Can someone please let me know if it's possible to do this in HitFilm 4 Express...starting at 1:11 and finishing at 1:31secs, the photos turning around.
I single stepped through the relevant section and it looks like it is just rotating the media plane in 3D space and applying a blur during the rotate. Therefore since you need to position in 3D, the media must be in a composite shot, the media be marked as a 3D plane and then just get busy doing what you need to do (keyframing the movement and blur).
Thank you @NormanPCNI created a composite shot, and then added a photo into it, made it 3D and animated 360 degress. But I have 50 photos, this will be time consuming to do each one? No auto way or fast way to do this with 50 photos?
Hmm think u set the default time for a picture media, set this real low then drag all 50 to a new single composit then make a another new composite and drag the first into this, to make a nested comp. Note u have this u can make this new one 3d and set up a repeating rotation for the length of the comp. You would have you play with timings but that should work.
Ps u best the comp so u don't have to rotate each layer of the images but rather the new comp that is treated as a single layer.
Sounds great @Andy001z lolHopefully someone in the future will create a tutorial for doing this in HitFilm.
@Yeremyah not difficult. Here is one way to do this, similar to what Andy001z suggested.
Set the default image duration to 1 second. (this is longer then you need them so you can speed them up later)
Select all your images in the media panel and drag them onto the editor timeline. Export the timeline (I used an image sequence).
Import the image sequence, make it a composite shot.
Make the layer 3D. (call it front)
Create a new point layer (call it rotation point) make it 3D.
Parent front to rotation point.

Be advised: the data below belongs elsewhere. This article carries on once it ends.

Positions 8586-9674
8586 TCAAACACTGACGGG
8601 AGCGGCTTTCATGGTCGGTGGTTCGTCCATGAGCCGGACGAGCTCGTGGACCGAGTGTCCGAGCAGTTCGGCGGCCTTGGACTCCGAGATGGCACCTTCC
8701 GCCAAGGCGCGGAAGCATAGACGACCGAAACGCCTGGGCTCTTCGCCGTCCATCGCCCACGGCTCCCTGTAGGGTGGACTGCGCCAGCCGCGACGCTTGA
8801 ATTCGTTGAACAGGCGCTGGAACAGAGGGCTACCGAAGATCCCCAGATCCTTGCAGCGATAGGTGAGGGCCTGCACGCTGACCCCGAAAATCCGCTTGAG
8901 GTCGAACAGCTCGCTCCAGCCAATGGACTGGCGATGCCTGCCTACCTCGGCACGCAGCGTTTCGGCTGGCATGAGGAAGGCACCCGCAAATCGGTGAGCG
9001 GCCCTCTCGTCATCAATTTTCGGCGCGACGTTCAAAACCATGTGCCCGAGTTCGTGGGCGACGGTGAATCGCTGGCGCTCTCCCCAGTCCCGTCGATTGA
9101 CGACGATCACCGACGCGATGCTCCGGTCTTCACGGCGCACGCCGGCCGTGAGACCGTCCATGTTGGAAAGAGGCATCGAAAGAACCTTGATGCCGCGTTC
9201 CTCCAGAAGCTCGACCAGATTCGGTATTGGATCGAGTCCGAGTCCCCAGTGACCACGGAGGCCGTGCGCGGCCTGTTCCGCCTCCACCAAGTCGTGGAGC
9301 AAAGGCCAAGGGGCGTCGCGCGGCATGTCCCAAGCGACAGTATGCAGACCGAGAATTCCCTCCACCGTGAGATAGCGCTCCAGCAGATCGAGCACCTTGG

Duplicate front (call it back). Set y-rotation to 180 degrees
set front to position 0,0,1, set back to position 0,0,-1
set keyframes for rotation point's y-rotation
go to the last frame and set the number of rotations to n/2, where n is the number of images (so for 50 images you should set 25 rotations, which will give you 9000 degrees)
If you scrub the timeline the images will now rotate, but will change at the wrong time. To fix that, you will need to move the point layer along the timeline. The number of frames you need to offset by will be = the image duration that you set at the start * your frame rate / 2. (So if you set the image duration to 1 second, and have frame rate of 30 frames per second, then you need to offset by 1*30/2=15 frames)
You should now have a slow version of the effect that you want.
Add your comp to your timeline and use the rate stretch tool to get it to the speed you want.
Yep what he said...
Thank you @JMcAllister for all that time you invested into writing that.I am a visual person, hence I love all the HitFilm tutorials on youtube, so if you ever make a video tutorial how to do this, please let me know, thank you
@JMcAllister That is a really good idea! That would be quick and easy to do for sure.
@HitfilmSensei seeing you understand his steps, would you be so gracious to help me out and create a short video tutorial, please?
A visual video tutorial would be really helpful, not only for me, but for everyone else into the future.
@Yeremyah You might prefer visual aids, but reading the manual is at least a place to start, and reading is pretty visual.
First entry that comes up when you search for 'image duration':http://hitfilm.com/reference-manuals/hitfilm-4-express#options.htm?zoom_highlightsub=image+duration
@Palacono many people are comfortable with text only tutorials and get a good grasp of them to follow.
However, some people really struggle to read something and understand it because they lack the foundational initial understanding to know what is referenced in the text tutorial.